South Hadley & surrounded by trees

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Reader FM wrote to draw our attention to what he thought might be "another example of poor machine reading, à la Embuggerance and Feisty". FM is referring back to this epic error, where a line in a review listing interesting vocabulary items

embuggerance, elevate, feisty, holistic,

somehow attracted the attention of an algorithm for un-inverting comma-separated lists of author names, resulting in the hypothetical author pair "Elevate Embuggerance and Holistic Feisty", and a striking citation in Google Scholar:


FM's possible new embuggerance is a weather station in South Hadley MA, whose neighborhood names as "South Hadley & surrounded by trees".  And this is indeed the sort of error that  "entity taggers" — algorithms for finding names and other referring expressions in text — can make. However, a small amount of detective work establishes that this particular evocative phrase is almost certainly of human origin.

The folks at let you "Share your weather data with the rest of the world!" by contributing to their network of Personal Weather Stations. The listing of these stations is a table whose columns are labelled "Station ID", "Neighborhood", "City", "State", "Country", "Lat, Lon", "Station", and "Link":

As you'd expect, the "Neighborhood" column is mostly populated by phrases naming districts, streets, notable buildings, and so on. But the station KMASOUTH10 is indeed listed as being in the neighborhood "South Hadley & surrounded by trees":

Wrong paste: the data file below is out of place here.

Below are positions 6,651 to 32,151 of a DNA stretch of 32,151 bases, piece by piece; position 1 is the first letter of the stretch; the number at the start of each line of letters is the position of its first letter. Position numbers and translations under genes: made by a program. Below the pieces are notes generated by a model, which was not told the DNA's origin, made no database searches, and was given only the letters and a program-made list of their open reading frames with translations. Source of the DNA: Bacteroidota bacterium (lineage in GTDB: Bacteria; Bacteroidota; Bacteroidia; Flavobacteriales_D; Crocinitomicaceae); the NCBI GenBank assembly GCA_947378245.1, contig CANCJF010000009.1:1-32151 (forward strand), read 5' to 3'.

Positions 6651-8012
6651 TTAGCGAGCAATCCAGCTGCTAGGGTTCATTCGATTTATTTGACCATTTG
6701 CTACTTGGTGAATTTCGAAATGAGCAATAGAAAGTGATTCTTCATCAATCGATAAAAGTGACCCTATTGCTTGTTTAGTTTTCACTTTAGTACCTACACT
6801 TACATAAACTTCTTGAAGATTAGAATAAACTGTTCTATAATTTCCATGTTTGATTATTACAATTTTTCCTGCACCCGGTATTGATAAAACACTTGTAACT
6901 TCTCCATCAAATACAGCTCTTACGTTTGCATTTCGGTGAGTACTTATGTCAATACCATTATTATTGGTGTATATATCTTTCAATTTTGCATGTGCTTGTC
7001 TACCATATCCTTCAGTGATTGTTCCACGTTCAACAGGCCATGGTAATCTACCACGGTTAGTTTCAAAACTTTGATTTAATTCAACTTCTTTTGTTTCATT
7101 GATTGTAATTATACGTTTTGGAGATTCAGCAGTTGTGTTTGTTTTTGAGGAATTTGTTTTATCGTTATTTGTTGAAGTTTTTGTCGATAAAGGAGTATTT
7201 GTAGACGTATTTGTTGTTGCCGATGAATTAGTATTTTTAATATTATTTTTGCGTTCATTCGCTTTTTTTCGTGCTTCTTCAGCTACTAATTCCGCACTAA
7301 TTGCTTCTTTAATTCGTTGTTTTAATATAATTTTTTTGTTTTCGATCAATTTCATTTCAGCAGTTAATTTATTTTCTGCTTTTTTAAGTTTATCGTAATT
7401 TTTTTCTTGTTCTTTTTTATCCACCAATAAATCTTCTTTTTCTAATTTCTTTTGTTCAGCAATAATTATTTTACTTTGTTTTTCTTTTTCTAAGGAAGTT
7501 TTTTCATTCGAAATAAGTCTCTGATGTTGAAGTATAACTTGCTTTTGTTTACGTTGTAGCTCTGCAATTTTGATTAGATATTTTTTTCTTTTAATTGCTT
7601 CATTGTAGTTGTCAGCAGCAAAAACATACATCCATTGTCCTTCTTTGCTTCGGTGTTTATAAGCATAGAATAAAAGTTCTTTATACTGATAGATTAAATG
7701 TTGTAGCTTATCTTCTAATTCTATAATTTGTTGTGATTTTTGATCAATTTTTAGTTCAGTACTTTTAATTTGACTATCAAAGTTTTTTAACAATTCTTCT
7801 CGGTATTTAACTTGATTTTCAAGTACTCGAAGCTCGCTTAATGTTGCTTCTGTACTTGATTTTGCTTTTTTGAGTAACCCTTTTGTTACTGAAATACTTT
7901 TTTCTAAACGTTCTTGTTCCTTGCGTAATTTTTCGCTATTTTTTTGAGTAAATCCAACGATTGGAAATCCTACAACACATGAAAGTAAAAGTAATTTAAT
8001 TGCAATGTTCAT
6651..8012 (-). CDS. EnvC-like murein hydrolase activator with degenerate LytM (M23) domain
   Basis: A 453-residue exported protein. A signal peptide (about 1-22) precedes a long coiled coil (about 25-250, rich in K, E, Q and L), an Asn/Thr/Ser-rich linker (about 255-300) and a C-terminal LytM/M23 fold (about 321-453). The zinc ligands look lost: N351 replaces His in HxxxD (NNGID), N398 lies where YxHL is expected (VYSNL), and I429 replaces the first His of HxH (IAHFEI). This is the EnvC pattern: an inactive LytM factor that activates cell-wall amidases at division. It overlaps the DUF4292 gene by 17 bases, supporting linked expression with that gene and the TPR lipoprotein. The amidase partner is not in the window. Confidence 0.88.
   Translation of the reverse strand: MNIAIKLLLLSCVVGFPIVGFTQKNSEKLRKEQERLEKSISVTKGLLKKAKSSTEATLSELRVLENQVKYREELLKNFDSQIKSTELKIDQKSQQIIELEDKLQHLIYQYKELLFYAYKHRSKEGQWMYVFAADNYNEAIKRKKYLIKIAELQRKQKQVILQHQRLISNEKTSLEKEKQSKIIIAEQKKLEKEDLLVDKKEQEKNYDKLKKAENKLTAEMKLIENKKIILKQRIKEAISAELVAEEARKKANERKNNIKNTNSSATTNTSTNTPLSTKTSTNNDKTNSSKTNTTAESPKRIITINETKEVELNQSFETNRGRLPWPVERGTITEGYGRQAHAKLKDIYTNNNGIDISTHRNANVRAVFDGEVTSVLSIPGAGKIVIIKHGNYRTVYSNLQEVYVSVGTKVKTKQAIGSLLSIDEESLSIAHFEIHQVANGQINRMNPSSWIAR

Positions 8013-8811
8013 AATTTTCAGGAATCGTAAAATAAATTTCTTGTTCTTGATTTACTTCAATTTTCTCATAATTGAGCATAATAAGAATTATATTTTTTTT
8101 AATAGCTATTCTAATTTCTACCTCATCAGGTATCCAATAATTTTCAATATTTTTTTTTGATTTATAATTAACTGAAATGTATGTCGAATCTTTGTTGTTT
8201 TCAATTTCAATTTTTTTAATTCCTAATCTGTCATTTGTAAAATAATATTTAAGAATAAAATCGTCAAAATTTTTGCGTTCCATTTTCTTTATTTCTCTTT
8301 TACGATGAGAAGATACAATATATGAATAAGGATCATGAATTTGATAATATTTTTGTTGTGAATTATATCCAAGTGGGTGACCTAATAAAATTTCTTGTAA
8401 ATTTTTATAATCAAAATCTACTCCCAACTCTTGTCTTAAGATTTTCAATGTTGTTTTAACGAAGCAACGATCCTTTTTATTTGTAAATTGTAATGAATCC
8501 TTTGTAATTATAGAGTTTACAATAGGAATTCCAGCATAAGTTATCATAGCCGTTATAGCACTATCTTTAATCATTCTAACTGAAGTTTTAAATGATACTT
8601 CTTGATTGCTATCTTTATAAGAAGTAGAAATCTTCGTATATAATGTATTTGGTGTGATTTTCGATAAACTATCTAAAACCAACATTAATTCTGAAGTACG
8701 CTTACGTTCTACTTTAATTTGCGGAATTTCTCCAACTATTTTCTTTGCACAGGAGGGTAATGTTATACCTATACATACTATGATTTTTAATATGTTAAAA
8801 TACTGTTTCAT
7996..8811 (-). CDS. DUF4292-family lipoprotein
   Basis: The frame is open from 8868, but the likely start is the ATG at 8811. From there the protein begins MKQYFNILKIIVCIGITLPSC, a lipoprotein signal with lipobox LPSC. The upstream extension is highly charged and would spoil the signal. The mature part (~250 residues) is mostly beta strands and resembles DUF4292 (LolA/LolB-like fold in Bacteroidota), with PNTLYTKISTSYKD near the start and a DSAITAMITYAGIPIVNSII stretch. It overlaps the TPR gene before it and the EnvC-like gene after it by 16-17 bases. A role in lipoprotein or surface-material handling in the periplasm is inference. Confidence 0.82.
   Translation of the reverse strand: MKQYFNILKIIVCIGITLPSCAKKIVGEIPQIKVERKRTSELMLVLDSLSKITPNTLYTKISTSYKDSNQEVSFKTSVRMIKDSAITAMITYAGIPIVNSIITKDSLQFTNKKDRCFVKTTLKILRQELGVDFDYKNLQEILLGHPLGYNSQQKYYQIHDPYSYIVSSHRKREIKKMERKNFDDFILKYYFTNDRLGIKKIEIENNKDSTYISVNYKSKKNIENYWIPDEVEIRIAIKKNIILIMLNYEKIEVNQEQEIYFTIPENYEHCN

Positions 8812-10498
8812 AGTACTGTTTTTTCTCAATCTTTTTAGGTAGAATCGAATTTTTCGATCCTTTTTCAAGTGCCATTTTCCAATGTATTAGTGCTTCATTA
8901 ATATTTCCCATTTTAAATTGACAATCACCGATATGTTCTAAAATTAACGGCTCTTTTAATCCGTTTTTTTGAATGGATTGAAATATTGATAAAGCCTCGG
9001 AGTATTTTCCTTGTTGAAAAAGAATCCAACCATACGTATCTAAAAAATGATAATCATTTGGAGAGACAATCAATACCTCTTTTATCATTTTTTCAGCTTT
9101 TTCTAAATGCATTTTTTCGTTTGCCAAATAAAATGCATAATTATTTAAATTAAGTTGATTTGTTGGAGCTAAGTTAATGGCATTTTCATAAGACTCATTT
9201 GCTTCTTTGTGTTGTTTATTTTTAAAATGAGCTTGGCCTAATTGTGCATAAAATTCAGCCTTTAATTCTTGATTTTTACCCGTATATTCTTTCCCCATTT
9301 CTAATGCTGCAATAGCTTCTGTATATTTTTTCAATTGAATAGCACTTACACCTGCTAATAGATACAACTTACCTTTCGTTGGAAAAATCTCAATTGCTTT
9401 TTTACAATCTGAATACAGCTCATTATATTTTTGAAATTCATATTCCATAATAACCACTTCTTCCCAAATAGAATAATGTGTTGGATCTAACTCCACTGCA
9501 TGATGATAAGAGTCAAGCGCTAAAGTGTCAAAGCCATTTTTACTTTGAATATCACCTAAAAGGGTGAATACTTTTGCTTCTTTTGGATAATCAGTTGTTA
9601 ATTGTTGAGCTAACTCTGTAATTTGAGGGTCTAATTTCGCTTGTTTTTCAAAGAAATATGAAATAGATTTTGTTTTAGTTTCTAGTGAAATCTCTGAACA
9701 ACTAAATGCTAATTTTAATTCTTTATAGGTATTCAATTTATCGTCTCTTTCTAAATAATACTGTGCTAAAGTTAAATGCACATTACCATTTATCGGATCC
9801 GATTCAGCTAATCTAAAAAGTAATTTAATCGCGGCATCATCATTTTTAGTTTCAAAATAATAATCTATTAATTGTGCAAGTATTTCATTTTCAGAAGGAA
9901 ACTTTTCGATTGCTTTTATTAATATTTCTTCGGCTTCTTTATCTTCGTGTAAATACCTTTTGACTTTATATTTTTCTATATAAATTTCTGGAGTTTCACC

This does seem more like the title of a short story than the name of a neighborhood. (It wouldn't be a good name for a rock band — has anyone ever explored the apparent lack of overlap between short story titles and rock band names? I mean, is there any doubt which category e,g, "The pit and the pendulum", "A perfect day for bananafish", "REO Speedwagon", and "Neutral Milk Hotel" belong to? But I digress.)

But is this neighborhood name the output of an overenthusiastic entity tagger? I don't think so. Exploration of the instructions for setting up a personal weather station reveals that the "Neighborhood" field is filled in by station's proprietor. Furthermore, there's a reason that a conscientious contributor might want to tell the world about those trees — the siting instructions suggest, for example, that